Good alignment and balanced movement form the foundation of a healthy spine!

In an increasingly sedentary world, good movement of the spine can become compromised, which changes how the body moves. There are a number of potential problems associated with poor posture, such as a tight neck and shoulders, backache and headaches, which can all be dramatically reduced by moving well.

In this series, we’ll be applying the same Pilates principles explained & demonstrated in ‘Series One – Pilates for Everyday Life’, to good movement of the spine. (For a recap or if you are new to Pilates, please take a look at Series One here…)

In weeks one to three of this series, I demonstrate the full movements of Flexion, Extension and Rotation of the spine with key Pilates Principles in place. In weeks four to six, I move on to demonstrate the more advanced Classical Pilates exercises, which also bring in Flexion, Extension and Rotation.

I hope these exercises will provide some inspiration of where a life-long journey with Pilates can take you!

As always with Pilates, do speak with your qualified Pilates Instructor first about changing or adding to your routine, to ensure the movements are appropriate to your individual, unique and beautiful body.

In this short video I demonstrate how we can improve posture by applying the basic principles of Pilates to simple flexion/forward bending of the spine. (Please see series one for a further explanation of Pilates terminology).

I begin the exercise by pausing to ensure the fundamentals of ‘alignment’ are in place before I move.

If you are new to Pilates or find it difficult to get into the position of ‘long sitting’, do bend or soften your knees, and use a small firm cushion to sit on. This will make it easier to achieve the ‘neutral position of the pelvis’ in sitting as detailed here.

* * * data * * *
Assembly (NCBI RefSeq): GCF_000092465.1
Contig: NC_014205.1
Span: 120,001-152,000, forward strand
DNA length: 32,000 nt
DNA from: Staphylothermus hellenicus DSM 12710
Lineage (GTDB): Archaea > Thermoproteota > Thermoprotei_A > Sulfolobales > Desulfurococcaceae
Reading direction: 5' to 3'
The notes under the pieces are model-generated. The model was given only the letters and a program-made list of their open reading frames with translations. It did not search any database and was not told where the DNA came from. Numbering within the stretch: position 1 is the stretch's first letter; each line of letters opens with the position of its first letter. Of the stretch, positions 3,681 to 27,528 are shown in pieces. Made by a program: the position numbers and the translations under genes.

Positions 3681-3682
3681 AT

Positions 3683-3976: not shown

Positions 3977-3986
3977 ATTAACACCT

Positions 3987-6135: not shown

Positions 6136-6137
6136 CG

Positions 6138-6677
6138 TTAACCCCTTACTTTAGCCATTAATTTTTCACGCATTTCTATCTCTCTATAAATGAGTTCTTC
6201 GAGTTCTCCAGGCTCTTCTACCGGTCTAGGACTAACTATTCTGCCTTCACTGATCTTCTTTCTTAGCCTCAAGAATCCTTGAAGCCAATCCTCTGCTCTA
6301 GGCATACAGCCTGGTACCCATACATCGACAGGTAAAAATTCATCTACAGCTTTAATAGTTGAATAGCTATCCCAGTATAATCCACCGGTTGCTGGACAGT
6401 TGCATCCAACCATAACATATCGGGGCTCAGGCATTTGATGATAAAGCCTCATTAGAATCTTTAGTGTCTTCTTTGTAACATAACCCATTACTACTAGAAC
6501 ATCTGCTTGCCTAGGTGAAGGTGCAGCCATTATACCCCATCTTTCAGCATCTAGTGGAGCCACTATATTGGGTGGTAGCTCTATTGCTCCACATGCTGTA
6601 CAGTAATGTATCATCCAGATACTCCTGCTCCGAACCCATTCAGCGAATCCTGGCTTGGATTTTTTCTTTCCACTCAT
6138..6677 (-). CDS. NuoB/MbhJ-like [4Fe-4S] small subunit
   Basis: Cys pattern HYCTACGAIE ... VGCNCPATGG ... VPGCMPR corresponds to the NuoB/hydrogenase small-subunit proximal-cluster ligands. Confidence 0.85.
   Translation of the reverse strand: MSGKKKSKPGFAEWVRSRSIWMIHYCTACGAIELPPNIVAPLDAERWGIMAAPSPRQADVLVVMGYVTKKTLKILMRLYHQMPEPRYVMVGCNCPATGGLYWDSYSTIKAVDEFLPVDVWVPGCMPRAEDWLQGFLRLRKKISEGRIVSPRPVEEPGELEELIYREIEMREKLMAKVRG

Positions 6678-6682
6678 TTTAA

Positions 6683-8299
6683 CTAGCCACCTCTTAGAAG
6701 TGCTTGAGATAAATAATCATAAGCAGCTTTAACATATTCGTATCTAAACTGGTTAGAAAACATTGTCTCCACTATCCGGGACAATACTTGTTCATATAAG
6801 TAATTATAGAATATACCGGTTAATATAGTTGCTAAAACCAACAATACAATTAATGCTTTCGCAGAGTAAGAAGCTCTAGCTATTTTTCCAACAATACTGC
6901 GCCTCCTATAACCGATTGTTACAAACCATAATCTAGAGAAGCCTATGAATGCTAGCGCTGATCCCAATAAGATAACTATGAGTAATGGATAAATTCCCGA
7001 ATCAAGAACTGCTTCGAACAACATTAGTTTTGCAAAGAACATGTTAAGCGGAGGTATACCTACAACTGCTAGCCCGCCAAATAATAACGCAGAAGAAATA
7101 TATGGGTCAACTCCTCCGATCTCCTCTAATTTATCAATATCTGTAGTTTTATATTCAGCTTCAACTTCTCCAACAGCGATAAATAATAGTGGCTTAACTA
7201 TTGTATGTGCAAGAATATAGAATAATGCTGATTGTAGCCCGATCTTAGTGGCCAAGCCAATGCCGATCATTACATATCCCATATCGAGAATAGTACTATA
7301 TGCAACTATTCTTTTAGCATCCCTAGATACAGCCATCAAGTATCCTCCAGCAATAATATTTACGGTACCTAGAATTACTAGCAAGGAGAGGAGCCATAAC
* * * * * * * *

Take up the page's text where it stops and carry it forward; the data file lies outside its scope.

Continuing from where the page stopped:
With a ‘neutral pelvis’, the shoulder girdle sits directly above the pelvis.
The use of the ‘deep abdominals’ supports the spine and helps to lengthen the waist.
We bring in ‘thoracic breathing to connect with the abdominals and support a good upper body position. This also prevents breathing into the neck & shoulders, which can cause unnecessary tension.

To move the body, I use my ‘deep abdominals’ and ‘thoracic breathing’ to maintain length in the waist and to support the spine during the movement.

The use of ‘Opposition’ (lengthening the crown of the head away from the tailbone), maintains length in the spine, strengthens the spinal muscles and fully engages the ‘Powerhouse’ during the movement.

I hope it becomes clear in my demonstration, that by using these key Pilates Principles in forward bending (flexion), the length of the spine is maintained and fully supported during movement, preventing any collapse and resulting compensatory postures and muscle imbalances.

Join me next week, as we will be looking at the application of Pilates during extension of the spine.

KSJ X Asquith

Shop Katherine’s bamboo Pilates clothes here…

To find out more about Katharine go to www.ksjbodycontrol.co.uk or @ksjbodycontrol

 

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Pilates Everyday with Pilates Teacher Katharine Jemmett [film]

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